Statements and announcements, it seemed to me, could linger in the air and easily be ignored. A question, by contrast, enters into the mind. You can’t walk by a question, a good question, and ignore it with the same ease that you ignore a statement. The old TV ad is a perfect case in point. “It’s 10 pm: do you know where your children are?” is far more evocative than “It’s 10 pm. Make sure your kids are safe.”

So we made a banner that asked what we thought was the basic question of the High Holidays: What will you do better this year? Underneath we wrote, Experience the High Holidays, and we listed the website for Hillel.

It turned out that this banner, created in my first weeks as a rabbi on campus, would be the seed of a much larger project, one that has influenced my professional career and my approach to education, leadership, community, and spiritual life. A little over a year ago, I left Northwestern Hillel to lead the national development of Ask Big Questions, which this year will be active on over 20 campuses, training over 100 students in the skills of text-centered reflective community conversation, and reaching tens of thousands of people from various walks of life in-person, online, and in print.

As we journey through this Elul, I want to go back to that Elul seven years ago. Here we are again in Elul. Here we are again, preparing for the High Holidays. Here we are again, a full shemitta cycle later, with the chance to discover, or rediscover, some Big Questions.


An audio recording of this sermon is available here.

Tonight I want to talk about fear.

Yom Kippur can be a fearful day. We are afraid of being hungry. We are afraid of being thirsty. How many of us are already counting the hours until we can eat?

We can be very afraid on this day.

What if we’re hungry? What if we’re thirsty? What if after all those words, after all that singing, after all the rabbi’s exhortations to do teshuva–what if, after all that, I feel nothing? What if God doesn’t answer me? What if God doesn’t exist? What if all of this is a load of hooey?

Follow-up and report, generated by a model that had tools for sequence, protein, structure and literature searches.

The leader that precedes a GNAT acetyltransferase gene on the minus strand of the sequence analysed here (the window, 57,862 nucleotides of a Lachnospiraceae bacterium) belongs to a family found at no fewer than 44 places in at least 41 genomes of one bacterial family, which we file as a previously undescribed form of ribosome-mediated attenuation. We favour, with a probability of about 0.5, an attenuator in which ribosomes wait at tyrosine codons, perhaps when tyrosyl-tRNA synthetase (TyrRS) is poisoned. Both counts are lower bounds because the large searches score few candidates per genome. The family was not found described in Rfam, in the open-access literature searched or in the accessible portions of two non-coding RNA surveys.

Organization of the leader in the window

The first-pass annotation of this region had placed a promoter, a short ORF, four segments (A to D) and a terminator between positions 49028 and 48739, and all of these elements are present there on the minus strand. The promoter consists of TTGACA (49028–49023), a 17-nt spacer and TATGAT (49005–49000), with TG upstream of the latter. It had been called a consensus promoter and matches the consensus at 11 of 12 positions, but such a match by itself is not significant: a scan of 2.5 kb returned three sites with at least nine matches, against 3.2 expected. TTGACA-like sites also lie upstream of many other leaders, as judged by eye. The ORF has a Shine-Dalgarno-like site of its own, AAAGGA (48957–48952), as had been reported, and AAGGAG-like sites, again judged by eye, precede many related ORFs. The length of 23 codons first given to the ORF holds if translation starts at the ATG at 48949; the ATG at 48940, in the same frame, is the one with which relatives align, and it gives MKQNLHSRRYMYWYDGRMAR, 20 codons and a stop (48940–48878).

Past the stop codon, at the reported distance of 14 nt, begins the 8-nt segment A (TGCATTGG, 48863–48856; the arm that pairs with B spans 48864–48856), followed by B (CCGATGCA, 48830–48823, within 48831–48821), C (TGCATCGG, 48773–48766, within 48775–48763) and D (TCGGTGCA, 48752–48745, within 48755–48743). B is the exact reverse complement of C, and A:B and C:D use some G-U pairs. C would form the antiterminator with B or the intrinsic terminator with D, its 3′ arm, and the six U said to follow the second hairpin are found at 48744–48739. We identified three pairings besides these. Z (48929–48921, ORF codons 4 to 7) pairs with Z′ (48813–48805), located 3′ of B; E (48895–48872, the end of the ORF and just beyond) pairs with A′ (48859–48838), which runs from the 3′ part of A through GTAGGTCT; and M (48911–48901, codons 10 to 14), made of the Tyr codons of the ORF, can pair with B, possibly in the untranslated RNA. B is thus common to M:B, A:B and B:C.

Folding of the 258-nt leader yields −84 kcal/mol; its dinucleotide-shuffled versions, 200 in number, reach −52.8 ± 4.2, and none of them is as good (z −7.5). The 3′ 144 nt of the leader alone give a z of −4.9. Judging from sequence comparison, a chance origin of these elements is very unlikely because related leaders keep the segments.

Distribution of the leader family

It’s a terrifying thought. It inspires fear in our hearts.

And the roots of this day prompt us to think about fear.

“When the people saw that Moses was so long in coming down from the mountain, they gathered around Aaron and said, ‘Come, make us a god who will go before us. As for this fellow Moses who brought us up out of Egypt, we don’t know what has happened to him.'”

Moses is on Mount Sinai. He has been gone for nearly 40 days. And finally they can’t take it anymore: “We don’t know what has happened to him,” the Israelites say. Lo yadanu meh haya lo. We don’t know. Not knowing is the root of their fear. They are plagued by doubts: What if he doesn’t come back? What if he fell off the mountain? What if God killed him? What will we do?

And so, to ease their not knowing, they make themselves a pacifier: they build the golden calf.

This is the greatest sin in the Torah. It prompts Moses to seek God’s forgiveness, which establishes the model of teshuva for us here today. That sin, building the Golden Calf, is rooted in fear. The fear of losing control. The fear of not knowing.


I was honored yesterday to give the invocation at the Northwestern baccalaureate service, held in advance of Commencement. In my invocation, I talked about the important image in Jewish thought of God as teacher: melamed Torah l’amo Yisrael, Who teaches Torah to God’s people Israel. I talked about the exquisite divine mystery inherent in a moment of teaching and learning, a moment as profound as that of creation. And I exhorted the graduates to emulate God, not only in God’s attributes of mercy and kindness, but to be like God the teacher–to recognize that we are all teachers.